Everyone has tape measures laying around the shop but this one is always the first one that I grab. FastCap's ProCarpenter Tape has features that make it useful for the woodworker. Some of these include a lever action belt clip, pencil sharpener, dual locking system, erasable notepad, heavy-duty 1-inch blade and a rugged compact case. The tape is 30 percent thicker than most other tapes which translates into a longer reach when extended. It has markings down to 1/16 inch and my favorite thing is that every 1/8 inch increment is labeled 1/8, 1/4, 3/8, 1/2....I even bought one for my son so I can stop getting the phone call with him asking about cutting a board that is 2 tick marks under the 6"!
It's called the Left/Right because it is a Left & Right Reading Tape that has standard measurements along the top and bottom edges with numbers that you can read from either side. You can hook it over either end of a board and read the measurement without having to read the numbers upside down.
Boeshield T-9 Rust and Corrosion Protection
Boeshield T-9 Rust and Corrosion Lubricant has been around for a long time and is still the standard by which other lubricants are compared. It was developed by Boeing Aviation for long-term protection of aircraft components. It is a spray on lubricant that coats and protects steel, aluminum and especially cast iron which you most likely have plenty of around your shop. I use it on my tablesaw, planer, jointer, and bandsaw table, among others. It works by penetrating into the metal's surface, displacing any moisture present and drying to a waterproof film. I spray it on and wipe it down with a soft cloth.
If your handplanes seem to drag while using them, you need some Beeswax in the shop. Just put a few 'squiggle' lines down on the sole of your plane and it will glide right across that board! I also have a brick of beeswax that I drag a screw across to give the threads a little lubrication prior to screwing it into a pilot hole. They seem to just glide into place. Don't use soap, which will rust your screws.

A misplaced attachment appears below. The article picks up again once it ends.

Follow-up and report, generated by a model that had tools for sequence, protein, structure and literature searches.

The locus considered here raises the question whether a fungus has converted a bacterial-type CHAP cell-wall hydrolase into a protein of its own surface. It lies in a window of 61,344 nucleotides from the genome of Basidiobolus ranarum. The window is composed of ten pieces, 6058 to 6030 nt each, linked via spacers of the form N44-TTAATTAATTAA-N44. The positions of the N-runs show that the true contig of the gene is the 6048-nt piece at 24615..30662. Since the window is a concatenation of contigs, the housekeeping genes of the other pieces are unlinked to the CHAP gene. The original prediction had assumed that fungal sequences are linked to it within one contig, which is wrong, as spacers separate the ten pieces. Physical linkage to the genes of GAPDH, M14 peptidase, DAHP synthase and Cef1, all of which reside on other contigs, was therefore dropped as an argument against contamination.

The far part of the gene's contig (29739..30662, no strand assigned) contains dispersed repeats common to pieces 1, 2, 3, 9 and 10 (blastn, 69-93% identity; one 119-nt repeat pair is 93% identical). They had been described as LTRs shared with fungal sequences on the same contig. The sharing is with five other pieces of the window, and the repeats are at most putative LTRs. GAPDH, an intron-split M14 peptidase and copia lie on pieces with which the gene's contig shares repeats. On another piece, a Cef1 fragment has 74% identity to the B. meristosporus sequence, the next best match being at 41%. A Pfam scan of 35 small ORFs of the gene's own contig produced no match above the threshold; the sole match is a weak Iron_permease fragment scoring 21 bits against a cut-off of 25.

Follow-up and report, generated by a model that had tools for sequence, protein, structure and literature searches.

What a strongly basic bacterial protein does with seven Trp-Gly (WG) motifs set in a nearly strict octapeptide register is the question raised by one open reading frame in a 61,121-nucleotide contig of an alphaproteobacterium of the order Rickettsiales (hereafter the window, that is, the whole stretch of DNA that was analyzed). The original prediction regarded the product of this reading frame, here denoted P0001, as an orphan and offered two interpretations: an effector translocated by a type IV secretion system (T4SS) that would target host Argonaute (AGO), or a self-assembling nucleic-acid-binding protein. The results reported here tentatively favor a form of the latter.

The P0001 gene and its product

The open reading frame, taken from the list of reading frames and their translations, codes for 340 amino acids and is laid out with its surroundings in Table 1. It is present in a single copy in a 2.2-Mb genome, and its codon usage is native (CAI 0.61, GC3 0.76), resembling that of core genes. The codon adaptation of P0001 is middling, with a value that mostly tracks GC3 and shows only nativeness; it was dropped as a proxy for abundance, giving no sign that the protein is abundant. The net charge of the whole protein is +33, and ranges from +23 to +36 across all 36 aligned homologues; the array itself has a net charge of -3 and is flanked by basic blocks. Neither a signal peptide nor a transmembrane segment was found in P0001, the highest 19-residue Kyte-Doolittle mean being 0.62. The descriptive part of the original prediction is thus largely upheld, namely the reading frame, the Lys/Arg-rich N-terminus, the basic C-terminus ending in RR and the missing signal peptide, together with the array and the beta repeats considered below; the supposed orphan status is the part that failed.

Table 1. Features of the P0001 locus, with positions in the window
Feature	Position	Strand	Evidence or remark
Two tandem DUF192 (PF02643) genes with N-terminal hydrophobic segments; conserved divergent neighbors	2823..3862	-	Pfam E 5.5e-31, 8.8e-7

Camellia Oil Spray Lubricant
While on the topic of lubricants and waxes, another great product to have around the shop is Camellia Oil Spray. I use Camellia Oil after honing all my chisels and plane blades to prevent any surface rust or corrosion. I also have a soft cloth with Camellia Oil that I keep in a plastic bag so that I can wipe down my tools after using them all day to remove any oils from my skin. It's a lightweight oil that is odorless and non-staining. I've also found that it doesn't seem to affect glue-up or finishing.
Wixey Digital Protractor
While the General Protractor I mentioned earlier is great for marking boards, I find the Wixey Digital Protractor great for tool setup and measuring the inside of cabinet (carcass) corners during construction. The large, 1/2 inch LCD display is very easy to read and it measures to the 1/10th of degree resolution. Magnets are recessed into the edges of the arms to help the protractor maintain position on your cast iron tool surfaces and along the surface of metal blades.
When building a large cabinet I measure the diagonals of a box to test for squareness but I also like to check the corners as well. Although I have used a Combination Square for this, I really like using the digital protractor because it gives me an exact reading of how close the joint is to 90 degrees.
Woodworker's Wall Chart
I thought I would end with a fun item, Woodworker's Wall Chart. I have one hanging on the wall in my shop and it has been there for so long that it has faded quite badly! The chart measures 23" x 34" and is printed on heavyweight paper. It is packed with information every woodworker can use including inch/decimal equivalents, drill sizes, pilot screw hole sizes, polygon angles, bandsaw blade cutting radiuses and much more.
As you can see, my chart has faded pretty badly
I hope you've gotten gift ideas for some useful tools to have around the shop. It's amazing to me how I never think about most of these until I get into a situation where I need a tool for a specific job and they end up making my life so much easier.
I would like to wish everyone a very happy and safe holiday season!
Jeffrey Fleisher has been a woodworker for approximately 20 years and a professional woodworker for the past 6 years. He is the president of his local woodturning club, the Woodturners of the Virginias and past president of the Northern Virginia Carvers. You can see some of the furniture he has made at
. He can be reached by email at